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Air pollution apps are no joke in smog-choked China

Commentary: In a place where protective face masks are common attire, having the right app can make a huge impact on your lungs.

Jessica Dolcourt Senior Director, Commerce & Content Operations
Jessica Dolcourt is a passionate content strategist and veteran leader of CNET coverage. As Senior Director of Commerce & Content Operations, she leads a number of teams, including Commerce, How-To and Performance Optimization. Her CNET career began in 2006, testing desktop and mobile software for Download.com and CNET, including the first iPhone and Android apps and operating systems. She continued to review, report on and write a wide range of commentary and analysis on all things phones, with an emphasis on iPhone and Samsung. Jessica was one of the first people in the world to test, review and report on foldable phones and 5G wireless speeds. Jessica began leading CNET's How-To section for tips and FAQs in 2019, guiding coverage of topics ranging from personal finance to phones and home. She holds an MA with Distinction from the University of Warwick (UK).
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Jessica Dolcourt
2 min read

Air pollution in major Chinese cities (and others) is the real deal. You read about it, hear about it and see locals regularly don paper face masks in an attempt to shield their lungs from its toxins.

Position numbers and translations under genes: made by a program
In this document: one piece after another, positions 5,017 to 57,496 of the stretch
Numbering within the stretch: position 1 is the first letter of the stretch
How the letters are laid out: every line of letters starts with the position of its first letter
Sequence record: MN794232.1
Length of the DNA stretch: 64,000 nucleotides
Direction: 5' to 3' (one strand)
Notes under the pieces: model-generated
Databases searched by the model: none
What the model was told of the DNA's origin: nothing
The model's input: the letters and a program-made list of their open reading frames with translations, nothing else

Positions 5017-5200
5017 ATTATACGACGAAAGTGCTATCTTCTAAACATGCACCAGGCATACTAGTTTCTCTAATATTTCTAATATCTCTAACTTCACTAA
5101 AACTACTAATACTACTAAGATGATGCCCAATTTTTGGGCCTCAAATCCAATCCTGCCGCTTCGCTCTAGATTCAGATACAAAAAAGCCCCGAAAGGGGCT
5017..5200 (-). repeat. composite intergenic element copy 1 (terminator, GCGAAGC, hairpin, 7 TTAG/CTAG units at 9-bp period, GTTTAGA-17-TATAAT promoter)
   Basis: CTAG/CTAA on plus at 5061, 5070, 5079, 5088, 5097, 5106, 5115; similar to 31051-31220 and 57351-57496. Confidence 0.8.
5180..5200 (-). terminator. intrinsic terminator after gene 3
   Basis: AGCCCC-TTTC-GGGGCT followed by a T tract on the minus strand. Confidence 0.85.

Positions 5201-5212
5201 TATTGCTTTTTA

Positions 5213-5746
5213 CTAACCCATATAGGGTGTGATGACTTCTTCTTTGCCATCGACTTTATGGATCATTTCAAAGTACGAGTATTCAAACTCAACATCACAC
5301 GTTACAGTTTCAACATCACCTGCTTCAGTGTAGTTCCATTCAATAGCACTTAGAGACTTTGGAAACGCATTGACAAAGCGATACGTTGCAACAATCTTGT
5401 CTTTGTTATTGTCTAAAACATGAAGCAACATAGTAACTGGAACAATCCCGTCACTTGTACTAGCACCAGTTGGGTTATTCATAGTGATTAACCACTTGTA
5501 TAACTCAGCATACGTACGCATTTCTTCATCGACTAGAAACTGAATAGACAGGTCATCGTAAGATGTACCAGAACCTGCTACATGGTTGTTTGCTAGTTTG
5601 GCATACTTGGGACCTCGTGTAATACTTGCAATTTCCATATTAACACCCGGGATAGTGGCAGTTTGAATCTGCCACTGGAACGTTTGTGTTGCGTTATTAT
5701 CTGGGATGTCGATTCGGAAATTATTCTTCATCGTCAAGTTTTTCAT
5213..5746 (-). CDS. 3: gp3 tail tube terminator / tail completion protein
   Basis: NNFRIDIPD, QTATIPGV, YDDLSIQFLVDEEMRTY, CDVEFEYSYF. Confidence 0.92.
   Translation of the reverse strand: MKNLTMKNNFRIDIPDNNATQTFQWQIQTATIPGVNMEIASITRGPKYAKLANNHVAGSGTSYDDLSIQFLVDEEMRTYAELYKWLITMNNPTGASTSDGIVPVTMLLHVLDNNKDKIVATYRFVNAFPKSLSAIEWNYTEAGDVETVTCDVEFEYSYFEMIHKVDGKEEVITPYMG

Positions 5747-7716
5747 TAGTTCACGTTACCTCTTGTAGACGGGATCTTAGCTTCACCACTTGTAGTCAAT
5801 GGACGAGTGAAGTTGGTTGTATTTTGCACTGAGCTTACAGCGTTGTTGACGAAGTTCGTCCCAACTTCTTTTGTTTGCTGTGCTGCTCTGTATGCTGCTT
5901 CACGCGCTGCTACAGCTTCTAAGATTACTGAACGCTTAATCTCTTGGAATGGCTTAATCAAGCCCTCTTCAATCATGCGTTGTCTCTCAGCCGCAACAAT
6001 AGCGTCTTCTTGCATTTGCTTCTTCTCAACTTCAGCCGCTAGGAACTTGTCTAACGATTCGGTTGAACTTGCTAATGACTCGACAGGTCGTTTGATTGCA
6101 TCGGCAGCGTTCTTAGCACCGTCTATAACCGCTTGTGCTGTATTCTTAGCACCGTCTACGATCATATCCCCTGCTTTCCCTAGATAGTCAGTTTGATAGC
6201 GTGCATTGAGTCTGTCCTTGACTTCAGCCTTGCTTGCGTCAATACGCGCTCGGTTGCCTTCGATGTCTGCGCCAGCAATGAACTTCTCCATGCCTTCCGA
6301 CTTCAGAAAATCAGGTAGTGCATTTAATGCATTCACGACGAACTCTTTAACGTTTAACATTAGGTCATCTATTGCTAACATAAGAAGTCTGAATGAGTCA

Many install apps on their phones to help monitor the buildup in cities like Shenzhen, Shanghai and especially Beijing. China's capital only had 25 "good" air quality days between 2008 and 2014, according to my Lonely Planet tour book, which in turn quoted the definition of "good" from the US Environmental Protection Agency.


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There's no shortage of monitoring apps to choose from, so I downloaded one that my expat friend Eric recommended, one simply called Air Quality. Its icon depicts a man wearing a face mask, which seemed like a good start.

The app lists a whole heap of air quality information for five cities: the weather forecast, an advisory to wear a mask or skip it and of course, the pollution rating (today Shanghai is excellent and Beijing is moderately polluted). In addition, the app displays levels for the most major indicators of toxic air, and updates those values as the day goes on. Yesterday morning in Beijing was less polluted than the afternoon.

You can drill down deeper for a lot more detailed readings, and for clear recommendations on whether you should:

  • Work out
  • Wear a mask
  • Turn on the air purifier
  • Keep kids and elderly folks inside
  • Open windows

There's a serious amount of data in these apps, and it's all actionable information that directly links to respiratory health. I may be unused to covering up with a mask, but I'd buy up a bundle if it kept me from breathing in a steady stream of poison for days at a time.